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Reinterpreting Our Lives

January 23, 2013

by Stephen Damon

I would like to continue our discussion about the Great Matter of Life and Death, otherwise known as “The Great Matter.” How we understand “life and death,” and “nirvana” will significantly change our understanding of everything, and as Suzuki Roshi said, it will change our interpretation of our lives. While we all have some idea of what our life is, we have no idea of what it was in the vast period of time before we were born and what it will be after we die. From the standpoint of Zen practice that should be the question of our lives. Living with that question both in and out of the Zendo puts our entire lives in question. We become that question. Living in this way, we are able to find a new interpretation of our lives.

Before we were born there was no one to distinguish our lives from the universe and after we die there will be no one. It is only when we live our deluded lives that there is “someone” to make such a false distinction. When I was a young boy I told my mother that I knew that before I was born I was no different from the Andromeda Galaxy and I would be no different from it after I died. I remember how puzzled she was when she told me to “think about it for a while.” It wasn’t until I read Suzuki Roshi’s chapter, “Nirvana, the Waterfall” in Zen Mind, Beginner’s Mind that I felt that this question has been acknowledged and addressed.
He says: I went to Yosemite National Park, and I saw some huge waterfalls. The highest one there is 1,340 feet high, and from it the water comes down like a curtain thrown from the top of the mountain. It does not seem to come down swiftly, as you might expect; it seems to come down very slowly because of the distance. And the water does not come down as one stream, but is separated into many tiny streams. From a distance it looks like a curtain. And I thought it must be a very difficult experience for each drop of water to come down from the top of such a high mountain. It takes time, you know, along time, for the water finally to reach the bottom of the waterfall. And it seems to me that our human life may be like this. We have many difficult experiences in our life. But at the same time, I thought, the water was not originally separated, but was one whole river. Only when it is separated does it have some difficulty in falling. It is as if the water does not have any feeling when it is one whole river. Only when separated into many drops can it begin to have or to express some feeling. When we see one whole river we do not feel the living activity of the water, but when we dip a part of the water into a dipper, we experience some feeling of the water, and we also feel the value of the person who uses the water. Feeling ourselves and the water in this way, we cannot use it in just a material way. It is a living thing.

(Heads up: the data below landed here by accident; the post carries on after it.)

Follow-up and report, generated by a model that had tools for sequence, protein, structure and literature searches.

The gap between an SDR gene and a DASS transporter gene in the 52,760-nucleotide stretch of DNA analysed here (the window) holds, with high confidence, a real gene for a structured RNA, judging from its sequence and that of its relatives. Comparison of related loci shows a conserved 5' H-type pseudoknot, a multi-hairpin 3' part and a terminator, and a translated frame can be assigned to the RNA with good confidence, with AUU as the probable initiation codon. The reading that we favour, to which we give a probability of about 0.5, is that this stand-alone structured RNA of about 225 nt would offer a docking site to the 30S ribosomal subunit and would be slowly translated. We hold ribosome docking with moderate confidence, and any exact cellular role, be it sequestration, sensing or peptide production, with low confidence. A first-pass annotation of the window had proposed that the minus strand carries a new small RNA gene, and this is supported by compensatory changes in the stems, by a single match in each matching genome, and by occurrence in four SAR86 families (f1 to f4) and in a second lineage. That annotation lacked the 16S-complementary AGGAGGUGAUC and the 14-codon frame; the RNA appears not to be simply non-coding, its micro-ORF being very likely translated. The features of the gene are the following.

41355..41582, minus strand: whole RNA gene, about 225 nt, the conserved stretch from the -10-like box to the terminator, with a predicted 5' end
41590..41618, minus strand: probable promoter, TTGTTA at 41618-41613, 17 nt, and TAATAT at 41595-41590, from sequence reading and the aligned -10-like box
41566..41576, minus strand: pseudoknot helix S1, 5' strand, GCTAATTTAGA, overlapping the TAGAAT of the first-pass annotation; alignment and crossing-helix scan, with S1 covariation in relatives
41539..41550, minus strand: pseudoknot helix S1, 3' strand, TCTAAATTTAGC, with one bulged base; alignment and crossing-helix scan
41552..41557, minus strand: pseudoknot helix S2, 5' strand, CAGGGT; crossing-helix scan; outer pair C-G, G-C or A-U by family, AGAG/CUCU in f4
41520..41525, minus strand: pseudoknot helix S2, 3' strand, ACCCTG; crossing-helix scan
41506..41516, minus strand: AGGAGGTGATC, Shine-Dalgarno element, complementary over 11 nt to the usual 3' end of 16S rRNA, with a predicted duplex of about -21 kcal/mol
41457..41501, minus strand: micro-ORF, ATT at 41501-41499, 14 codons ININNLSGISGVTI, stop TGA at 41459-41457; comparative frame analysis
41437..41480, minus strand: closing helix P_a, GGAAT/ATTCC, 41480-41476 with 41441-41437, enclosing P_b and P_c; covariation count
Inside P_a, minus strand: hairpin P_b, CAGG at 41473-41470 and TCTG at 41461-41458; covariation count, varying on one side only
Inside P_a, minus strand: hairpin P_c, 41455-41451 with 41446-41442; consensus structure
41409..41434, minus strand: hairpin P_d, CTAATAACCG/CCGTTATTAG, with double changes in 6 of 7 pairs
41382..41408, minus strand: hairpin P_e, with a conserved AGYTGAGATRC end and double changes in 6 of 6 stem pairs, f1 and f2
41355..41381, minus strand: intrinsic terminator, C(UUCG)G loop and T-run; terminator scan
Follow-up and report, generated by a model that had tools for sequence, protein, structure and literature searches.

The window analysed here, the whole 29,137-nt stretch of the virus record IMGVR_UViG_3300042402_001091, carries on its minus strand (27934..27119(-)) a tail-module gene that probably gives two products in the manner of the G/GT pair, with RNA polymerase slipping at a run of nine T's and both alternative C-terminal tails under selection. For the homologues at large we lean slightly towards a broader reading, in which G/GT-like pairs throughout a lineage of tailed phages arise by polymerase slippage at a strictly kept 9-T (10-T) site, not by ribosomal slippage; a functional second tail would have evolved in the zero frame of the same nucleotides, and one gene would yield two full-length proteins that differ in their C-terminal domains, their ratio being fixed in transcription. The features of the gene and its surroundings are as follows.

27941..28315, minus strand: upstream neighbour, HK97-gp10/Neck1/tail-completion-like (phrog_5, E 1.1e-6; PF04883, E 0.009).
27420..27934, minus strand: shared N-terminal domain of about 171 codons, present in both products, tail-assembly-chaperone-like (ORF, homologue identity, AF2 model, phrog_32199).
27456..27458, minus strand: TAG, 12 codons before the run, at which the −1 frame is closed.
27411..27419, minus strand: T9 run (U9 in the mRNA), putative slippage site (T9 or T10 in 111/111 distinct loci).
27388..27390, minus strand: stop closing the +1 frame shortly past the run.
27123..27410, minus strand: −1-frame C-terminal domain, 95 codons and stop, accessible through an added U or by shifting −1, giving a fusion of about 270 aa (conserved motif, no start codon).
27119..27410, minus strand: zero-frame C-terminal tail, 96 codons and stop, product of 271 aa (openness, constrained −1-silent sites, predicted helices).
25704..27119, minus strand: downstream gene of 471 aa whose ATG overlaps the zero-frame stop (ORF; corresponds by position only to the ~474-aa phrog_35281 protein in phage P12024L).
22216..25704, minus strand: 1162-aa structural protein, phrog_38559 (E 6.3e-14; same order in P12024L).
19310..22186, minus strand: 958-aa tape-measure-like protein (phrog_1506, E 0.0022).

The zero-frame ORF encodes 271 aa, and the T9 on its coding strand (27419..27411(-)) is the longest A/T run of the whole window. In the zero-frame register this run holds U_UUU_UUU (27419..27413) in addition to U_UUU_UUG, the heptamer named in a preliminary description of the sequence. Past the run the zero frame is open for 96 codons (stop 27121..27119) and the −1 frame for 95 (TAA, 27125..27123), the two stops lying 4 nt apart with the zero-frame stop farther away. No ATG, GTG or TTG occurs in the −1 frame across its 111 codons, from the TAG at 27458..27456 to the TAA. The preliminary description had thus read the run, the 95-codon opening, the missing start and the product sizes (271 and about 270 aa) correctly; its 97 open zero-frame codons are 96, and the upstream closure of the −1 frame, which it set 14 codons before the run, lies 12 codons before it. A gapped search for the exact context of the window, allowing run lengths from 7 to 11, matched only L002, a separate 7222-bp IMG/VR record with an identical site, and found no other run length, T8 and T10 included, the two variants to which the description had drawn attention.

Before we were born we had no feeling; we were one with the universe. This is called “mind-only,” or “essence of mind,” or “big mind.” After we are separated by birth from this oneness, as the water falling from the waterfall is separated by the wind and rocks, then we have feeling. You have difficulty because you have feeling. You attach to the feeling you have without knowing just how this kind of feeling is created. When you do not realize that you are one with the river, or one with the universe, you have fear. Whether it is separated into drops or not, water is water. Our life and death are the same thing. When we realize this fact, we have no fear of death anymore, and we have no actual difficulty in our life.
When the water returns to its original oneness with the river, it no longer has any individual feeling to it; it resumes its own nature, and finds composure. How very glad the water must be to come back to the original river! If this is so, what feeling will we have when we die? I think we are like the water in the dipper. We will have composure then, perfect composure. It may be too perfect for us, just now, because we are so much attached to our own feeling, to our individual existence. From us, just now, we have some fear of death, but after we resume our true original nature, there is Nirvana. That is why we say, “To attain Nirvana is to pass away.” “To pass away” is not a very adequate expression. Perhaps “to pass on,” or “to go on,” or “to join” would be better.

He concludes by saying, Will you try to find some better expression for death? When you find it, you will have quite a new interpretation of your life. He might have asked us to find our expression for “life” and “nirvana” as they are different words for the same reality. Try to find your own expression for any of these words and notice how everything changes. Your moment to moment experience of everything from bird songs and sunsets to the dirty sidewalk in front of your house will never be quite the same.

Original mind, Buddha Nature, whatever you want to call the fundamental reality of the Universe is expressed in myriad ways. There is the Andromeda Galaxy, Mt. Everest, and your living room. We need to express this fundamental reality in our own way. There is only one original face, but your original face does not look like mine. We need to express our original face, our own expression for birth, death, and nirvana. When we practice in this way, we will be able to live our lives fully and completely.

Bows,
Stephen

From → Zen Buddhism

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